United Airlines says: almost all its workers are vaccinated

United Airlines said on Tuesday nearly 600 U.S based employees faced termination after failing to comply with the carrier’s vaccination policy. In nearly August, the company became the first U.S. carrier to require COVID-19 vaccinations for all domestic employees, requiring vaccination by Monday.

The carrier said it would start on Tuesday the process of firing 593 employees who decided not to get vaccinated. “This was an incredibly difficult decision but keeping our team safe has always been our first priority,” Chief Executive Scott Kirby and President Brett Hart told employees in a memo.

The workers can save their jobs if they get vaccinated before their formal termination meetings, the company officials said. United has received requests for vaccine exemption from employees for religious and medical reasons.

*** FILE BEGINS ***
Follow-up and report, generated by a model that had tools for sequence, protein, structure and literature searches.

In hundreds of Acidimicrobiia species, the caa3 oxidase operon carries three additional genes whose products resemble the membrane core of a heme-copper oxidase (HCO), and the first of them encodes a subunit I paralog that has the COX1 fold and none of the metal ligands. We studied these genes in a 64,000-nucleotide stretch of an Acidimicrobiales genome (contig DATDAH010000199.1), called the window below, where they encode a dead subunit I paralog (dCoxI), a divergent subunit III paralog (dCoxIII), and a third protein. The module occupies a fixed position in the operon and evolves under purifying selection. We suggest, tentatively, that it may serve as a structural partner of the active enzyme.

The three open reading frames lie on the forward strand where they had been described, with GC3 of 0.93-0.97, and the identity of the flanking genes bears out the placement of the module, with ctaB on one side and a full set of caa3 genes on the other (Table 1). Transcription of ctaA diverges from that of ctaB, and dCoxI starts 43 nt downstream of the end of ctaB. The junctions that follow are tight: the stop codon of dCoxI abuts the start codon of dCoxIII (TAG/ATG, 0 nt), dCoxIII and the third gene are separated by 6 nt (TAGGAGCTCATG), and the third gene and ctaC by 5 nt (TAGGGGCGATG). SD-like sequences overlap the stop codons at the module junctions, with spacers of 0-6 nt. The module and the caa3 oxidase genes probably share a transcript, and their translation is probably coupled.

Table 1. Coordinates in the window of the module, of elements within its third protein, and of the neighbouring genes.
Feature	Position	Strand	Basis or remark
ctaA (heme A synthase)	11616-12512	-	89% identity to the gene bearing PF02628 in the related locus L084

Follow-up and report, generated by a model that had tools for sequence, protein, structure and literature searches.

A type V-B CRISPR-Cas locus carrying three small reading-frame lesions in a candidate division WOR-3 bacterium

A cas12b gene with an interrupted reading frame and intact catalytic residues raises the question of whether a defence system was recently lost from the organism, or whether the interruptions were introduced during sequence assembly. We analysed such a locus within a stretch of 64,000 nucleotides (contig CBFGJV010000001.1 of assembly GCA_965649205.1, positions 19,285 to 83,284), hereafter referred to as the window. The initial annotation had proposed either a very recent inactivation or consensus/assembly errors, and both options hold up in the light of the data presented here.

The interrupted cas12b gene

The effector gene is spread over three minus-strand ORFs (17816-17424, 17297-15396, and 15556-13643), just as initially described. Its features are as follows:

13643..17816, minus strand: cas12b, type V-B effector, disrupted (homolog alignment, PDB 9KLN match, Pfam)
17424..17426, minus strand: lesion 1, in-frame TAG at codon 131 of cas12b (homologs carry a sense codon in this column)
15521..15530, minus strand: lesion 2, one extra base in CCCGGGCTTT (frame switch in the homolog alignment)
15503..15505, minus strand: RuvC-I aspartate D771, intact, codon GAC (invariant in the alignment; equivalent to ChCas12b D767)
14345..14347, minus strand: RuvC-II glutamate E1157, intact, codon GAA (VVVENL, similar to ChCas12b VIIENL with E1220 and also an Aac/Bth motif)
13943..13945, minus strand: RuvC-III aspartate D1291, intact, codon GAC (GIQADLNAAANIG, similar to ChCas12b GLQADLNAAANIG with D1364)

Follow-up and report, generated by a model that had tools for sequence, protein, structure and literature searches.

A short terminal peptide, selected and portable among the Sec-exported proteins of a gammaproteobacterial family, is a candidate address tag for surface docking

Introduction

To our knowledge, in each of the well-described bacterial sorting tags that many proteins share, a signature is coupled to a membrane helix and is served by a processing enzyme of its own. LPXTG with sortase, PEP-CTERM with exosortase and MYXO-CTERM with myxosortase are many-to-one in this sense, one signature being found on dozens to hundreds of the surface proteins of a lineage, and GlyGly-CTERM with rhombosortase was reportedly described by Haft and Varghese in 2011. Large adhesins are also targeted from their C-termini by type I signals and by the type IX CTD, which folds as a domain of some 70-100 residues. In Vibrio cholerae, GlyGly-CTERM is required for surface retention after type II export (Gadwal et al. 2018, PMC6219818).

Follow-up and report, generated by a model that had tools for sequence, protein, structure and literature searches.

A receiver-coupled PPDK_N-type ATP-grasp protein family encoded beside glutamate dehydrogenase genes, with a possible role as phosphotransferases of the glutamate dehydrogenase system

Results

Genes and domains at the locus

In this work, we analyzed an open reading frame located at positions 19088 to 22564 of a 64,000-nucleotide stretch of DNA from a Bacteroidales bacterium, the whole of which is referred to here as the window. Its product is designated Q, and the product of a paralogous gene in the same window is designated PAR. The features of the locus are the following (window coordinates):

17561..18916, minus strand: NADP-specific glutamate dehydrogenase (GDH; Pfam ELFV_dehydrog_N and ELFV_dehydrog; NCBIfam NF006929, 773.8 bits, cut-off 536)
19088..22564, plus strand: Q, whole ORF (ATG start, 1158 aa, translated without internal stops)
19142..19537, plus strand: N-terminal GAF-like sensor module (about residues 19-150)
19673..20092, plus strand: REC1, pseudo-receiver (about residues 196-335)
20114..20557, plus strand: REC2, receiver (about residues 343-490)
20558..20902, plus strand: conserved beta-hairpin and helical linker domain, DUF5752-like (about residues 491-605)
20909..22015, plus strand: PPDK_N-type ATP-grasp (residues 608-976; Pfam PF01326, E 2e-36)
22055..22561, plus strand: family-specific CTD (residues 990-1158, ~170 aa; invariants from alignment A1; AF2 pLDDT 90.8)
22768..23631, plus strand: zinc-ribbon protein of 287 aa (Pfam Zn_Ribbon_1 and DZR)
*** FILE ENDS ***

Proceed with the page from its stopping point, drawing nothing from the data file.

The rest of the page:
Those plans, however, have been put on hold until Oct.15 because of a lawsuit challenging the policy. Excluding those who have sought an exemption, United said more than 99% of U.S based employees have been vaccinated against COVID-19.

A company spokesperson said the airline plans to hire about 25,000 people over the next few years, and vaccination will be a condition of employment for all new hires.

United will also require students at its pilot training school to get vaccinated, the spokesperson said. The company dismissed the notion that the vaccine requirement was deterring applicants for jobs at the air carrier.